Friday, December 26, 2014

A Cannon Beach Christmas

12/23/14 Caran d'Ache Museum water-soluble colored pencil, watercolor, Pentalic watercolor sketchbook

Our Christmas gift to each other this year was to spend most of Christmas week at one of the most beautiful places on earth (which is, luckily for us, only four hours away): Cannon Beach, Oregon. We usually go in the spring or fall, but our favorite beachfront hotel was offering a half-price deal during the month of December, so it was impossible to resist. Both festive and serene, the town was dressed up in lights for the holidays, and yet we had the place nearly to ourselves. It was the best of all holiday worlds!

12/23/14 Pilot Iroshizuku Take-sumi ink, colored pencils, Canson XL
The beach itself, on the other hand, was somewhat dark and somber – not from the weather (which was mostly moderate and only a little rainy) but from weather-related events. Last week’s storms pushed in a lot of debris from the ocean, including piles of plastics and other garbage from the 2011 Japan tsunami that is finally reaching Pacific Northwest shores. That devastating event had caused a swirling garbage pit to float around on the Pacific for all these years, and some of it is finally here. A crew of city staff and volunteers was busy at work during low tide picking up as much debris as possible from Cannon Beach’s normally pristine sand.

At the same time, hundreds of dead birds were all over the shoreline everywhere we looked. We asked around to try to find out what caused the kill, but we weren’t able to determine whether it was a natural phenomenon or related to the garbage.

12/23/14 Super 5 Frankfurt ink
Fortunately, not all the sea birds were dead: Every morning when I opened the curtains, a seagull would immediately appear on our deck railing, hoping for handouts. Persistent as well as patient, he always stuck around long enough for me to fill a page or two in my sketchbook. Other times I’d simply watch a flock of gulls soaring over the water and try to capture the gesture of flight without resorting to the stereotypical twin curved lines I used to draw when I was a kid.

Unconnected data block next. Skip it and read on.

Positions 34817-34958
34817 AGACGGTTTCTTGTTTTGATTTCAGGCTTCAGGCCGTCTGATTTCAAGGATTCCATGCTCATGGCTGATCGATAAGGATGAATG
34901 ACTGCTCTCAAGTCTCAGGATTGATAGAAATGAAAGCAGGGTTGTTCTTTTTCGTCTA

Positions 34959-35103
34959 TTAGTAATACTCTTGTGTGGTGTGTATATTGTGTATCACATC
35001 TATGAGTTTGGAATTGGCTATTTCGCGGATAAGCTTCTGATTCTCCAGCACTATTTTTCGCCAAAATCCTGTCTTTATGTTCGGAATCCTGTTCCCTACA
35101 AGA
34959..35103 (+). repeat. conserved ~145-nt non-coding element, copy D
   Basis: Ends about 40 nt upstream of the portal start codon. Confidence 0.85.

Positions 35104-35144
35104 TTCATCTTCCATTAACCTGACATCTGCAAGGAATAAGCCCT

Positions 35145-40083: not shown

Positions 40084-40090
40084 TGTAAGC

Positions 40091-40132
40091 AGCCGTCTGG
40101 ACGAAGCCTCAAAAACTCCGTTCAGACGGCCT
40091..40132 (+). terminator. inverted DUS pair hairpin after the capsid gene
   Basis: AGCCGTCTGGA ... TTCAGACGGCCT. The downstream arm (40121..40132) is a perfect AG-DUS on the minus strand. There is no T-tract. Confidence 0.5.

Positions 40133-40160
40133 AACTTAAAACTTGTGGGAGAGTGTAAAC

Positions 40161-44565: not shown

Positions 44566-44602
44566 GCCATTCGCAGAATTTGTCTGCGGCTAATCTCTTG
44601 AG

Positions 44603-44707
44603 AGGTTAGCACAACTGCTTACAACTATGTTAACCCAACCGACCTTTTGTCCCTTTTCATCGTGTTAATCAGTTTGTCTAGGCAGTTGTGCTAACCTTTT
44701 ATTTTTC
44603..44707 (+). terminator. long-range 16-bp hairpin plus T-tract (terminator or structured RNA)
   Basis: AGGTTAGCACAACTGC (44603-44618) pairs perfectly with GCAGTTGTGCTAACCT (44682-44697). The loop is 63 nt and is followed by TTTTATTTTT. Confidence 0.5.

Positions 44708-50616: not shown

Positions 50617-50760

Despite evidence of various traumatic events, we enjoyed many long walks along the shores of Cannon Beach – still one of the most beautiful places on earth.

12/22/14 Caran d'Ache Museum water-soluble colored pencil, watercolor, Stillman &
Birn Beta sketchbook

One of hundreds of dead birds on the beach.

Barnacles growing on a plastic bottle.

Lots of debris washing up.
Greg taking photos.


  1. Despite the sadness of debris from Japan and the dead birds, it still sounds like a wonderful place and a place that recharges you. Great sketches.

  2. From another beach across the Pacific, greetings! Thank you for the reminders of beauty.

  3. Looks like the beach there is a beautiful spot. Too bad the garbage and dead birds spoiled it a bit. Great sketches of the water and the big rock!!! Love the photos too. Great idea for a bit of time away. Glad you had fun!

  4. Just heard a news piece this weekend... here in WA there are lots of dead migratory birds due to a new strain of Bird Flu. Perhaps that's the cause of the dead birds on the beach?


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